August 24, 2007
Remembering Max Kravitz
Max died last week leaving behind a gash in the legal community. In his 34 years of practice and over 30 years of teaching law, he fixed in place a standard of proficiency, fervency and credibility not soon to be bested. He was a consummate advocate, a passionate professor, a wily negotiator, a champion of worthy causes (including the seemingly lost ones) and a trusted friend to his clients, his colleagues, his students – in short, to almost all who met him. He was, in turns, pugnacious, persistent, proud, protective, personable and always, always professional.
His accomplishments, even in the most abbreviated form (to see a sampling, click here), are as diverse as they are extensive. To cite but one example, in 1978, while still a young lawyer, Max stood in the well of the United States Supreme Court to argue Lockett v. Ohio, 438 U. S. 541, challenging the constitutional deficiencies of Ohio’s existing death penalty process. He won that case, resulting in over 450 individuals on death rows as a result of convictions under constitutionally-flawed laws had the threat of execution lifted.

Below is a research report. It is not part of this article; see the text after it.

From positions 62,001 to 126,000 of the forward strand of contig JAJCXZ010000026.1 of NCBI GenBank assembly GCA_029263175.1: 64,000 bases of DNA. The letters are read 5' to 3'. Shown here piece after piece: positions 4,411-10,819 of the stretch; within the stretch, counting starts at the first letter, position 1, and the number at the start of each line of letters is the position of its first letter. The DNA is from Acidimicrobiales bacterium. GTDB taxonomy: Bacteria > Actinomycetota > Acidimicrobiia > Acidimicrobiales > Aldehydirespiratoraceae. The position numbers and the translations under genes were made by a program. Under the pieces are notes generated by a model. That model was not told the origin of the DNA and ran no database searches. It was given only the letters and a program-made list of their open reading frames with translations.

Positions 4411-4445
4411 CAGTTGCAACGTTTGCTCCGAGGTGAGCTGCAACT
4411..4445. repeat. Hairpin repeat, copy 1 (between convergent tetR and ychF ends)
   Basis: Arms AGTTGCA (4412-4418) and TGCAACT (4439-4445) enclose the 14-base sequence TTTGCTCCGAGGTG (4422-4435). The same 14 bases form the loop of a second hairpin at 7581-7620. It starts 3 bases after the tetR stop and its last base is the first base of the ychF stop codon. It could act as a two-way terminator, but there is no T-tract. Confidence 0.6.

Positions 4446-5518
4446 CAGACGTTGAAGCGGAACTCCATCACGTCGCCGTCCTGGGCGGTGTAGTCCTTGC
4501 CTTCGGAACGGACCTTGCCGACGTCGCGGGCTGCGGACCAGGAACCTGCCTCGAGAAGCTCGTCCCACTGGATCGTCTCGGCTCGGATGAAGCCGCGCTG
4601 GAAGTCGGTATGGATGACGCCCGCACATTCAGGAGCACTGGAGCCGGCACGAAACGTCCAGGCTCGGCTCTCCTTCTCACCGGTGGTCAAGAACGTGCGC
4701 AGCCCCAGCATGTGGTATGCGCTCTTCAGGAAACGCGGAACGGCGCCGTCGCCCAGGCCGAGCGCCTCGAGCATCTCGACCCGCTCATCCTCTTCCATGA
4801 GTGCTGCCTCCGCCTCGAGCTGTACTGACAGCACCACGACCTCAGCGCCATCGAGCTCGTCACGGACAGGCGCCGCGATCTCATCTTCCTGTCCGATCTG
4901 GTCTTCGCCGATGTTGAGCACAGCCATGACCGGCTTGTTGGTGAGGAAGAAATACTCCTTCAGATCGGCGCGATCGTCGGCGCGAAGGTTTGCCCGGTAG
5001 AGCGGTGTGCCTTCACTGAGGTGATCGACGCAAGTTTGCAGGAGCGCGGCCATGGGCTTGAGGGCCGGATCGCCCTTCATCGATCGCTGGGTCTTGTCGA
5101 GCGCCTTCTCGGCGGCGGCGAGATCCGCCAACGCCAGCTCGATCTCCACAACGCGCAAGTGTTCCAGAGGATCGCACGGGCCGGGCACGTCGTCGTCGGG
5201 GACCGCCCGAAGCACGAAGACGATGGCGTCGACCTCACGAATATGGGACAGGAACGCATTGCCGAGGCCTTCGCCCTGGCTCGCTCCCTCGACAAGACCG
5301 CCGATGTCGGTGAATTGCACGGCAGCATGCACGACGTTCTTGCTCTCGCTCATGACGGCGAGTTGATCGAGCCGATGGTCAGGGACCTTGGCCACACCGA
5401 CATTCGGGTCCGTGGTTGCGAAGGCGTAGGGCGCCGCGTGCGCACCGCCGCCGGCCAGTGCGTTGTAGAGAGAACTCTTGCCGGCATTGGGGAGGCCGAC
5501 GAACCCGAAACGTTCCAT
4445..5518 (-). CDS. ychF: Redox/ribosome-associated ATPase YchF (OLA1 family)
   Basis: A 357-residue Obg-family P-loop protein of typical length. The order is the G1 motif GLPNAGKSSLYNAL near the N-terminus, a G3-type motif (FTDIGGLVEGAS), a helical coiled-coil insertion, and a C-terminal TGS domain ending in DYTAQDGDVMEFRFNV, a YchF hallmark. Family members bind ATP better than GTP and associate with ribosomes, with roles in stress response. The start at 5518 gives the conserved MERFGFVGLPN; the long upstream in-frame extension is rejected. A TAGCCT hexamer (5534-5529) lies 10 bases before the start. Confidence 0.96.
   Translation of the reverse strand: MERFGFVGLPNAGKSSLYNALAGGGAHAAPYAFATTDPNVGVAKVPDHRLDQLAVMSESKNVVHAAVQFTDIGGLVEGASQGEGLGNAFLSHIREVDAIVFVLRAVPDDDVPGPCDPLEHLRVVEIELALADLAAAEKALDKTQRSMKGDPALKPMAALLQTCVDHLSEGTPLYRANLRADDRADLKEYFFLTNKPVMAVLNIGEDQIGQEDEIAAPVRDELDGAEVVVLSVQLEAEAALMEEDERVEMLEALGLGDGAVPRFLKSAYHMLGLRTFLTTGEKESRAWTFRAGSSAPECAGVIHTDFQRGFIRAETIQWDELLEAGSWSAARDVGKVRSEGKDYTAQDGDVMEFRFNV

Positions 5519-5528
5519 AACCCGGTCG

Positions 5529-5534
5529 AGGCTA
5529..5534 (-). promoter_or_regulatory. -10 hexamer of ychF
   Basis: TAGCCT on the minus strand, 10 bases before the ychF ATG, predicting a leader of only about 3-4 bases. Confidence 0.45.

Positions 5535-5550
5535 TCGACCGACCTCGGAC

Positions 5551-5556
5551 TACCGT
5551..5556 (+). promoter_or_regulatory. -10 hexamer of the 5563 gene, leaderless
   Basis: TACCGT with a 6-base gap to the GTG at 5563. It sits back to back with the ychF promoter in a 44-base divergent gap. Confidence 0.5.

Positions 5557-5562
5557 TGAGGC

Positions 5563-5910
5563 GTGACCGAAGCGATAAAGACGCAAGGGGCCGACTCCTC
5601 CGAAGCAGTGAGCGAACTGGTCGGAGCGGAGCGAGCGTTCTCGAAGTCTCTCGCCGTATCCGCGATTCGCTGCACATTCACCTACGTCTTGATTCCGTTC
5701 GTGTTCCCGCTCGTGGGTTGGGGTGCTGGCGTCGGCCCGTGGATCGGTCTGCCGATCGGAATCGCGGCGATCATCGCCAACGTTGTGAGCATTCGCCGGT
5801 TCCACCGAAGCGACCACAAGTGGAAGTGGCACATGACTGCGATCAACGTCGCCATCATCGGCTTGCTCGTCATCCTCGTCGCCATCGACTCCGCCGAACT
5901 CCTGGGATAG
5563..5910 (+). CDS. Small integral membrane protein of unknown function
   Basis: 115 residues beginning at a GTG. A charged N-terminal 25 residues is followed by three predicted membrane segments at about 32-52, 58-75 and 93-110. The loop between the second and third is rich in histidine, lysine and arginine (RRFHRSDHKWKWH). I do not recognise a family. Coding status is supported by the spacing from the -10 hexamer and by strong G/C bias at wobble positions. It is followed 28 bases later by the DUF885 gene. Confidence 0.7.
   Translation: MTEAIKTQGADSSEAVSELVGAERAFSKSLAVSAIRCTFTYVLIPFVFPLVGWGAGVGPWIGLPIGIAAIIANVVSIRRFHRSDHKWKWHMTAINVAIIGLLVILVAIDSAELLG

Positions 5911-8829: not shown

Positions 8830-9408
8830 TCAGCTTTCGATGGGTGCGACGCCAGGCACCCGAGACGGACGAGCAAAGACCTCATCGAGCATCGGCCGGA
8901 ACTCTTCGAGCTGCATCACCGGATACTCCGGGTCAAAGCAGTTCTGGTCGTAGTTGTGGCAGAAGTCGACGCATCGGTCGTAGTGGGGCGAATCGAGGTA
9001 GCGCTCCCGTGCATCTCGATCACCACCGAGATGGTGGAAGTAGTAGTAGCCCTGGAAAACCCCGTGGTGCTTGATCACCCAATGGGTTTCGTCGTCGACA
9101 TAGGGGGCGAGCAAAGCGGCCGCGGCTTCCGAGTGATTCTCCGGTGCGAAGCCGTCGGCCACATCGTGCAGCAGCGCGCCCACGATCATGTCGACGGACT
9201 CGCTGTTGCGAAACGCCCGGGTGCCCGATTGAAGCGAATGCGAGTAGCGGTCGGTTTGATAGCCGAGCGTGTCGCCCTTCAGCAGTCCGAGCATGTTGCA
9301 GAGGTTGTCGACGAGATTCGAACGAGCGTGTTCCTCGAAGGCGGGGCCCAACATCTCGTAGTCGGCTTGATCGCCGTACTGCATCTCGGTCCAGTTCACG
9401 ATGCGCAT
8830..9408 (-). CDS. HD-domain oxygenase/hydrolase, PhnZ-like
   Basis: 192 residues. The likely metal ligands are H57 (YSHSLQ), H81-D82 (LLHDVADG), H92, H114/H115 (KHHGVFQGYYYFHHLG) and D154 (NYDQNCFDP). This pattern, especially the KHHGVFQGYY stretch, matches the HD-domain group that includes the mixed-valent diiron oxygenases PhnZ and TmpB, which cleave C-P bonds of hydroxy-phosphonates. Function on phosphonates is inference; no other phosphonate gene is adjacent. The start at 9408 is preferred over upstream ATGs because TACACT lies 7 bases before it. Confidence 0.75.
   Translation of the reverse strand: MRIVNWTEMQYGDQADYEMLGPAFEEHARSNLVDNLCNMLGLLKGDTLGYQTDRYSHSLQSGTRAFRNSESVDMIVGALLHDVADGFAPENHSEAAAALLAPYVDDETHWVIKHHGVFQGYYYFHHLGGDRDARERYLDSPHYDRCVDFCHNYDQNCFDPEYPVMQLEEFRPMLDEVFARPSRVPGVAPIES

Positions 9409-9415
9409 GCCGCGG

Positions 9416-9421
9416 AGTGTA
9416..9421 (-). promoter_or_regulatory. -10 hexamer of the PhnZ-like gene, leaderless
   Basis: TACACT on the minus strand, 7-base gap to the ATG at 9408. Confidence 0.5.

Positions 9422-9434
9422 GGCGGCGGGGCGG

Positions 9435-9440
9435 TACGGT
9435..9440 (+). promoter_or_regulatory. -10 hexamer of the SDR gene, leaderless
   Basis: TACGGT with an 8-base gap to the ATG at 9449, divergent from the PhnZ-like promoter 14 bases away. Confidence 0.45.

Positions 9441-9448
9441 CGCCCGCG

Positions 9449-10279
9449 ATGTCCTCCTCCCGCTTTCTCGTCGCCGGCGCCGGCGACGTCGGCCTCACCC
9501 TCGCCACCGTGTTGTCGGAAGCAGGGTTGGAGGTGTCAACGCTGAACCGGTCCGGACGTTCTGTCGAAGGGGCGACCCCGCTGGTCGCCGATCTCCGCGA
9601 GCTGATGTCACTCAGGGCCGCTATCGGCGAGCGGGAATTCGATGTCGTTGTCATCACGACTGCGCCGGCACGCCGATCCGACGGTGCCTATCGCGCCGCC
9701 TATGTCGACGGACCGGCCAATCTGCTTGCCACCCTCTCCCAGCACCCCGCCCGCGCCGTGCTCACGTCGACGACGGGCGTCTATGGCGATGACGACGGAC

Max will live on as an emblem of our profession’s best qualities and highest aspirations.